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Open-File Report 2011–1043

Prepared in cooperation with the U.S. Department of the Army Environmental and Natural Resources Management Office of the U.S. Army Signal Center and Fort Gordon

Assessment of Soil-Gas, Seep, and Soil Contamination at the North Range Road Landfill, Fort Gordon, Georgia, 2008–2009

By James E. Landmeyer, William F. Falls, W. Hagan Ratliff, and John B. Wellborn

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Soil gas, seeps, and soil were assessed for contaminants at the North Range Road Landfill at Fort Gordon, Georgia, from October 2008 to September 2009. The assessment included delineating organic contaminants present in soil-gas samples beneath the area estimated to be the landfill and in water samples collected from three seeps at the base of the landfill. Inorganic contaminants were determined in three seep samples and in soil samples. This assessment was conducted to provide environmental contamination data to Fort Gordon pursuant to requirements for the Resource Conservation and Recovery Act Part B Hazardous Waste Permit process.

All soil-gas samples collected contained total petroleum hydrocarbons above the method detection level. The highest total petroleum hydrocarbon mass detected was nearly 50 micrograms (µg) in a soil-gas sample from one of the three seeps. The highest BTEX mass detected was 0.83 µg in a soil-gas sample collected near the same seep. Some soil-gas samples had perchloroethylene (known as PCE) mass greater than the method detection level of 0.01 microgram. The highest PCE mass detected was 0.73 µg, and PCE mass was detected in soil gas in areas upgradient of the seeps and indicates that the seep contamination may be related to previous waste-disposal activities upgradient of the seeps.

No organic or semivolatile compounds in the seep samples were detected above their respective maximum contaminant levels established in the U.S. Environmental Protection Agency National Primary Drinking Water Standards. PCE was detected in water from all three seeps at concentrations between 0.85 and 0.95 microgram per liter. Trimethylsilanol was detected in water collected from all three seeps and may be related to the degradation of silicone-based materials commonly disposed of in landfills.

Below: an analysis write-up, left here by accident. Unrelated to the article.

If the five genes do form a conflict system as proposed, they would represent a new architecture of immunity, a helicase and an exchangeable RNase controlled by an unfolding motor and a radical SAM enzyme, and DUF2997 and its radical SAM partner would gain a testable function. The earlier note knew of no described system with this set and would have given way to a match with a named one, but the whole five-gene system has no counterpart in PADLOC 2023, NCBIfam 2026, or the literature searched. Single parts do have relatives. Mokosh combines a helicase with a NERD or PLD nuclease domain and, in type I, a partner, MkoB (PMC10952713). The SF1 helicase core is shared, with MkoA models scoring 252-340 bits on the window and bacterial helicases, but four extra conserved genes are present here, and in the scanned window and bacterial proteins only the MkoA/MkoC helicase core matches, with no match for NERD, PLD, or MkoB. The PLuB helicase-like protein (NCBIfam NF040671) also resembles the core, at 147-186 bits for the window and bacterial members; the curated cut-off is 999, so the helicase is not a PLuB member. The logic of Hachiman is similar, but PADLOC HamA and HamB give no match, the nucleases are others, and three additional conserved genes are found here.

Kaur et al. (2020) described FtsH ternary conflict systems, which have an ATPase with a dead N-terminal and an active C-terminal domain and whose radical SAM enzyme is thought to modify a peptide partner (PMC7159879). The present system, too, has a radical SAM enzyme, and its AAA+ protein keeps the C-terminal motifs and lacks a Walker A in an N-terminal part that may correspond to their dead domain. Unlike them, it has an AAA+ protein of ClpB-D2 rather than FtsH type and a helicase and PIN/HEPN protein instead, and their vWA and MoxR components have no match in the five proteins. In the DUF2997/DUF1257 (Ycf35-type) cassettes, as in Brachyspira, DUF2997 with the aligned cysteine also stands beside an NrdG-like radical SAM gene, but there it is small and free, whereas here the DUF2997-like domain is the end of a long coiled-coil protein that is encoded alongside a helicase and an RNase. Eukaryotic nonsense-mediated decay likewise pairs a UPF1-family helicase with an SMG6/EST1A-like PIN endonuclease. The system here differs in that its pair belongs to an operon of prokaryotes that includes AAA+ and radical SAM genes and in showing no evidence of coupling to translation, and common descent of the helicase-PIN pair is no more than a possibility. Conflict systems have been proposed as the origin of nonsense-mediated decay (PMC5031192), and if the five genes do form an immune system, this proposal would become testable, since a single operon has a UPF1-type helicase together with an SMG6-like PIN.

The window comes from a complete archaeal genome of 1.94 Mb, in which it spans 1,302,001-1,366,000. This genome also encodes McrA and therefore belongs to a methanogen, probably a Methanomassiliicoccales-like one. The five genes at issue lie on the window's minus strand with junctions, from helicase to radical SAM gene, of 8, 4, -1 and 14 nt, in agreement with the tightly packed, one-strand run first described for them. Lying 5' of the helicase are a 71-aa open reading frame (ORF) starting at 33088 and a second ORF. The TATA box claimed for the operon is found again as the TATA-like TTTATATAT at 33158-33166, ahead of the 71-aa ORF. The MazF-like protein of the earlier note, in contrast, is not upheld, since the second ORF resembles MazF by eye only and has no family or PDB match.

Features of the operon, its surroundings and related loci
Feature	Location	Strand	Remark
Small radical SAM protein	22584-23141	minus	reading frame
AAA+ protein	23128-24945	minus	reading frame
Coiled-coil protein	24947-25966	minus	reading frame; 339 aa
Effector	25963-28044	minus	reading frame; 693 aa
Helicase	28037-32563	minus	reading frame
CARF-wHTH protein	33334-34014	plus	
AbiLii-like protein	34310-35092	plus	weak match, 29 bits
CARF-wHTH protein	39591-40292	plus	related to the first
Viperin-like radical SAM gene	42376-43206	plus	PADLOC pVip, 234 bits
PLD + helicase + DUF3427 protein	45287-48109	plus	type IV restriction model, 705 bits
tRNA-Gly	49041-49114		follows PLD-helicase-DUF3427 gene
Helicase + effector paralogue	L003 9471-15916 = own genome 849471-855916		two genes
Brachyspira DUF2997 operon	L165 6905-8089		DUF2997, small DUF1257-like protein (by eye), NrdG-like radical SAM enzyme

Inorganic concentrations in water samples from one seep did not exceed any maximum contaminant levels in the National Secondary Drinking Water Standards. In water from one seep, however, iron was detected at 865 micrograms per liter, which exceeds the maximum contaminant level for iron in the Secondary Drinking Water Standard, and in water from the other seep, iron and manganese were detected at 492,000 and 10,700 micrograms per liter, repectively, both of which exceed the respective maximum contaminant levels for the Secondary Drinking Water Standard. Water from one of the seeps had concentrations of cadmium, copper, and zinc that exceed Georgia standards for in-stream water quality, and concentrations of arsenic and lead that exceed their respective maximum contaminant levels for the Primary Drinking Water Standards.

Inorganic concentrations in all four soil samples did not exceed regional screening levels established by the U.S. Environmental Protection Agency. Barium concentrations, however, were two to three times higher than the background concentrations reported in similar Coastal Plain sediments of South Carolina.

First posted March 1, 2011

For additional information contact:
USGS South Carolina Water Science Center
Stephenson Center, Suite 129
720 Gracern Road
Columbia, SC 29210–7651
phone: 803–750–6100

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Suggested citation:

Landmeyer, J.E., Falls, W.F., Ratliff, W.H., and Wellborn, J.B., 2011, Assessment of soil-gas, seep, and soil contamination at the North Range Road Landfill, Fort Gordon, Georgia, 2008–2009: U.S. Geological Survey Open-File Report 2011–1043, 21 p.




Purpose and Scope

Description of the Study Area


Passive Soil-Gas Survey

Seep Samples

Soil Samples


Passive Soil-Gas Survey

Seep Samples

Soil Samples


References Cited

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